While going through some blogs this afternoon I reread Kyle’s six month report on blogging. When I first read it I apparently never scrolled all the way down where he asked several of his favorite bloggers to post thoughts about what blogging meant to them. I was honored that I was on the list and horrified that I hadn’t responded.
His post was dated July 8. . . .
That’s a century in the blog world.
But I’ll proceed anyway.
I’ve been a writer since I was a teenager. I became a newspaper reporter I was 18. I’ve written for newsletters, magazines, radio, TV and the Web. I published a novel a few years ago.
Writing to me is communication. I love sharing news, thoughts, posing questions, getting responses. Interaction.
Blogging is among the most gratifying forms of communication I’ve done. I bask in the freedom of writing a post of any length, anytime.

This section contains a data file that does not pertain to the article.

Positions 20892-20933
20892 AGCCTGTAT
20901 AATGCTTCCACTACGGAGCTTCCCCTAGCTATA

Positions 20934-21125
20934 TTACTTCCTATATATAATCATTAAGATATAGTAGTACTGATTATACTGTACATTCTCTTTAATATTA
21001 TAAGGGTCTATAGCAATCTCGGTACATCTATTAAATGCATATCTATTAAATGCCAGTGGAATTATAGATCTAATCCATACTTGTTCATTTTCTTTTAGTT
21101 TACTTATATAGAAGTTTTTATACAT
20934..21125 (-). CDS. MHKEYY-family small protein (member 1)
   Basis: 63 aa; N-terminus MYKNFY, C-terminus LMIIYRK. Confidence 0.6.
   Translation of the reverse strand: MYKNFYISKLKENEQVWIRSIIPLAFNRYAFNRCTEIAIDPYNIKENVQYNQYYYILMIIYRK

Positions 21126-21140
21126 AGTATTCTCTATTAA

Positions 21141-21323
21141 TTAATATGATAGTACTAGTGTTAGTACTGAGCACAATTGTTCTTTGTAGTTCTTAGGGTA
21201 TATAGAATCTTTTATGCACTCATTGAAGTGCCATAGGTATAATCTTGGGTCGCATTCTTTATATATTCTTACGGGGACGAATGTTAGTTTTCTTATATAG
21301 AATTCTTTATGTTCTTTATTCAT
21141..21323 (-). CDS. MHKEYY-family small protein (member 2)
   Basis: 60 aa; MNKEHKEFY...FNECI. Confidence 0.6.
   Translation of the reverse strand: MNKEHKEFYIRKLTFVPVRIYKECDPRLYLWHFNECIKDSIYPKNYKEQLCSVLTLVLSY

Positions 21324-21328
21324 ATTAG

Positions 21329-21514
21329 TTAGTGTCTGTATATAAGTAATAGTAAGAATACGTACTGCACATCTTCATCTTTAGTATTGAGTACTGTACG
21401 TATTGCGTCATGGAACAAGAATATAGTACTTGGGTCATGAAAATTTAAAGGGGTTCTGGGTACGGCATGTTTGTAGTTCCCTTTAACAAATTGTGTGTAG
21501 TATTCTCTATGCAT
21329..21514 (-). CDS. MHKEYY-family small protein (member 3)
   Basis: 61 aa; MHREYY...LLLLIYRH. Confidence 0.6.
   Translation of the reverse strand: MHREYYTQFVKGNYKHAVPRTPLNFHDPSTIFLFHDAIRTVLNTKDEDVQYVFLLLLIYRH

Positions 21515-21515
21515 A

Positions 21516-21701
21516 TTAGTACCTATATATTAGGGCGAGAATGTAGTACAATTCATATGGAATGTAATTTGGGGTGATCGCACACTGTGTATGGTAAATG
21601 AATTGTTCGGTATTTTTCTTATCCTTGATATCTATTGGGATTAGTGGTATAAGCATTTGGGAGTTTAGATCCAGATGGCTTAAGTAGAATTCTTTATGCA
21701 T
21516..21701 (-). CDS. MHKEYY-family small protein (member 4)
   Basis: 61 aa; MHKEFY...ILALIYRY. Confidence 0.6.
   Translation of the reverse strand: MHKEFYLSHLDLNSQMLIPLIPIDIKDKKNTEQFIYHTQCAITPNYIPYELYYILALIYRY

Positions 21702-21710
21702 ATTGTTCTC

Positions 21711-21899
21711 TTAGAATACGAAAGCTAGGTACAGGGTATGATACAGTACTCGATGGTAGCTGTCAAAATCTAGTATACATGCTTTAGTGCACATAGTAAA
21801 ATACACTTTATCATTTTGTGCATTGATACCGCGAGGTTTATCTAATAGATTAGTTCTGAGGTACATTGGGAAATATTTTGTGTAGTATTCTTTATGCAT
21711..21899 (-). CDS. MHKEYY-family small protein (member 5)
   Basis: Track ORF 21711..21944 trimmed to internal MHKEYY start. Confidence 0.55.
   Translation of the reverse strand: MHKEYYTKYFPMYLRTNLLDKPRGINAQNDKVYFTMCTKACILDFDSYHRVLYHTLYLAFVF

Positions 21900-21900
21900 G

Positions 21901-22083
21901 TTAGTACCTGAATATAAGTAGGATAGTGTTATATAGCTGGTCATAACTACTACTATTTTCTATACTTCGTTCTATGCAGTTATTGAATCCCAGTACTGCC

Looking for a comfortable niche, I chose higher ed marketing, though there are many professionals out there with more knowledge and expertise. I find myself scrambling, as Kyle notes, to keep up with the latest news and developments in the field. Maybe 10% of what I find goes into my blog.
One of the surprises in my blogging venture is that the most popular posts tend to be those that are about my own experiences in PR, writing, and most recently, a personal journey. It underscores a couple things:
-People are hungry for knowledge
-Everyone loves a good story
The BlogHighEd community is a joy. The diversity of age groups and professions creates a wide variety of information to be shared and discussed. I like the musings of the veterans. I love the energy of the younger professionals. I learn from your discoveries and experiments that you share with enthusiastic generosity. I read your posts knowing that I’m watching and interacting with pioneers at work, people who will be the future leaders in your fields.
That’s what blogging is for me.
It’s community in the best sense of the word.
Kyle, I hope this post is a case of better late than never. Comments, as always, are appreciated.